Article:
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From: williamkempf_at_[hidden]
Date: 2001-08-06 12:58:08

--- In boost_at_y..., "Greg Colvin" <greg_at_c...> wrote:
> From: <williamkempf_at_h...>
> > --- In boost_at_y..., "Hillel Y. Sims" <hys420_at_y...> wrote:
> > > Pthreads has a limited, well-defined set of cancellation points
> > > ordinary conditions), thus is it 100% possible and not that
difficult to
> > > write completely non-throwing code even with thread-cancellation
> > > implemented in terms of exceptions in a pthreads-based
environment, by
> > > simply avoiding any functions that could potentially evoke a
> > > thread-cancellation exception (since it's not valid to use
catch (...) {}
> > > to swallow these exceptions, we would have to completely avoid
> > > any of these calls inside true non-throwing code, but that
doesn't really
> > > seem like a horrible restriction).
> >
> > This means you can never make a call to a routine defined as a
> > cancelation point within a destructor. Much too restrictive for
> It seems that to program in this system you have no choice but to
> live with this restriction. Depending on the list of functions it
> might not be too bad.
> Hillel -- does the list include close() and free() and such?

It includes mutex locks, condition waits, thread joins, all of which
would be very likely candidates to be called within an object
destructor. In fact, requiring that you not call these in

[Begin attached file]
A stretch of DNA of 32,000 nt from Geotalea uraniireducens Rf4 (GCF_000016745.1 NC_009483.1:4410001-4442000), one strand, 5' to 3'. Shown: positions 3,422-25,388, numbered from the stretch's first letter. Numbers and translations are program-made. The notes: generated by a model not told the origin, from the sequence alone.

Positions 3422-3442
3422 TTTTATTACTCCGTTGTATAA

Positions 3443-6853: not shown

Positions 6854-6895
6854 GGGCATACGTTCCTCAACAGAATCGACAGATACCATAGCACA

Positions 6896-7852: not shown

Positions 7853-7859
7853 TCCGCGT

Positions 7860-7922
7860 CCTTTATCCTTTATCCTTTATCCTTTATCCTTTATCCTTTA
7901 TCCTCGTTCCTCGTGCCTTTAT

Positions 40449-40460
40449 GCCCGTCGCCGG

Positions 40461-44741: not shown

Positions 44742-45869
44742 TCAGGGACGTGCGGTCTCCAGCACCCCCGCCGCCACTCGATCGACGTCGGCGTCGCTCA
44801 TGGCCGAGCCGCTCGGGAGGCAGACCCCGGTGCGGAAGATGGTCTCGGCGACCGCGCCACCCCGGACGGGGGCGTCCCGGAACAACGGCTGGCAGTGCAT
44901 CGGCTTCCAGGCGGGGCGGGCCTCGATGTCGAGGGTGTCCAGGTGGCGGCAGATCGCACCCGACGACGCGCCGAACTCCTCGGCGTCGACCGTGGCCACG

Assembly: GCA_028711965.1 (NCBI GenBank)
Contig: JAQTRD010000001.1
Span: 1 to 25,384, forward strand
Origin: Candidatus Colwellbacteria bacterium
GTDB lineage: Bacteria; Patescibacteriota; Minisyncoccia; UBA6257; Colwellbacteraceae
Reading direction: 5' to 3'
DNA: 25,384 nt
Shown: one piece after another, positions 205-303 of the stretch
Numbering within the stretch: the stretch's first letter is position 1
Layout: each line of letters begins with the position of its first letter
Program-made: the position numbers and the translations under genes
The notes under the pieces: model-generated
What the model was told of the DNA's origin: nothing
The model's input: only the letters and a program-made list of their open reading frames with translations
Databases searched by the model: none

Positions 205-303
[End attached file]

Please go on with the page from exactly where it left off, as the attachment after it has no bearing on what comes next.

destructors would be nearly impossible.

> > > (I don't really do Windows, so I don't know if it has similar
> > > cancellation semantics..)
> >
> > Windows has no cancellation semantics, only asynchronous
> > which is 1000 times worse.
> Does this mean that on Windows there is no way to emulate pthread
> cancellation semantics?

No, it can be emulated, but there's zero support from the OS.
pthreads-win32 emulates cancellation using exceptions (and so suffers
from the problems I've listed). There's likely other ways to emulate
this as well, just as people have emulated exceptions, but it would
be non-portable and likely have holes.

POSIX specifically defined cancellation to behave as if an exception
was thrown across thread boundaries (though it requires "polling"
within cancellation points), and on many systems OS exceptions are
actually used. On a lot of these systems the OS exception is
promotable to a C++ exception so there are already platforms in which
the suggestion of using a C++ exception is already the case.
Further, Java uses this concept making it sound like a natural
solution for C++ as well, but C++ isn't Java.

These are the problems I see with Boost.Threads doing this, however:

* Portability. Translating a pthreads cancellation which is
implemented in terms of a signal into a thrown exception can not be
done portably. We'll have to have system specific code for each

* Can not call any methods that represent cancellation points
(remember, if a function foo calls a function bar that calls a
function defined to be a cancellation point, then foo is also a
cancellation point) in a method defined with empty throw
specifications. Some argue that this is simply how it should be
since obviously the method can throw if it calls a cancellation
point. However, with other exception types you can catch the
exception and not propogate it up past the call, while with a
cancellation exception you have to rethrow the exception.

* Can not call any methods that represent cancellation points from a
destructor. It's a very frequent need to do just that, but doing so
can result in an exception being thrown out of the destructor which
disallows the object from inclusion in many container types and when
created on the stack can result in application termination if the
stack is being unwound because of another thrown exception. The
complexit in this case is too great to be safely usable.

The language can address these issues, but a library written to the
current standard can not.

Bill Kempf

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